Some months ago I was expounding the benefits of Bring Your Own Cloud which is where companies allow staff to choose their own storage, sharing and collaboration services. Since then other companies have expanded on this and developed a parallel train of thought known as BYOD or Bring Your Own Device.

Now research shows that not only does this concept benefit members of staff but companies themselves. Research by Nasstar shows that employees are more attracted to firms that allow staff to bring their own device.

Flexible Employer

Nasstar questioned 300 of its SMB customers to find out what boosts staff morale and attracts people to a new company. According to the findings, three quarters of respondents said that allowing staff to use their own smartphone, laptop or tablet in the workplace would position their firm as a “flexible and attractive” employer.

Apparently the survey discovered that 64 per cent of SMB chiefs already allow staff to use their own devices, with 64 per cent saying they had written policies in place for staff wishing to do so. Also, 58 per cent of respondents felt that letting employees use their own devices at work led to increased output and better workplace efficiency, as well as happier staff.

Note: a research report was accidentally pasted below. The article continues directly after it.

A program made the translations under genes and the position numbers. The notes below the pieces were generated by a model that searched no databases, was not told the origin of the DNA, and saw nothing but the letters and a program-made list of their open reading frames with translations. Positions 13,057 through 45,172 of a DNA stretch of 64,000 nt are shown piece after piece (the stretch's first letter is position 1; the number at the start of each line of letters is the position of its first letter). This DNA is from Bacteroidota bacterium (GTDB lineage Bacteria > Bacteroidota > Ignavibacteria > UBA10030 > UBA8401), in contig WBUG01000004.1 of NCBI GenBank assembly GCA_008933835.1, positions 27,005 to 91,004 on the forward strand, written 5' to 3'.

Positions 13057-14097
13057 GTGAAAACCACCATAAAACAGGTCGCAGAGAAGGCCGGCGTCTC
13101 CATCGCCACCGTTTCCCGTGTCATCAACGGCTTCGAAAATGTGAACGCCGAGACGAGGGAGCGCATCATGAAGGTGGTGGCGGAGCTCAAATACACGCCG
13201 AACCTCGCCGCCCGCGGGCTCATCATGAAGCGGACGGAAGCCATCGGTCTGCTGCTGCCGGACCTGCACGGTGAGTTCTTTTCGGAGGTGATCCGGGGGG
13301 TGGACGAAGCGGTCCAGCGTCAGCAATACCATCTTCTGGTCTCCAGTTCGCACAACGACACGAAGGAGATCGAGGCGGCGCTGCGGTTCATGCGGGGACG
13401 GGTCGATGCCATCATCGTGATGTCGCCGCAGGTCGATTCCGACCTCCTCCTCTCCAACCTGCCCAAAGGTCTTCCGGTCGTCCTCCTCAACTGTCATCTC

A further 60 per cent felt they had saved money on IT training and hardware by letting staff use their own devices, and, last but not least, 70 per cent felt that with the rise of tablets and smartphones, it was inevitable that in the future all staff would demand to use their own devices alongside those provided by their employer.

Don’t Fear BYOD

Charles Black, chief executive of Nasstar, said: “There is a growing demand by today’s plugged-in workforce to use their own devices at work. While some employers have a blanket ban on this, it is clear that most in our survey realise they look more attractive if they allow it, at least in some form. The fears expressed by some employers are also not based on the current cloud technologies. Security is one of the main drivers of cloud adoption and should not be a fear.”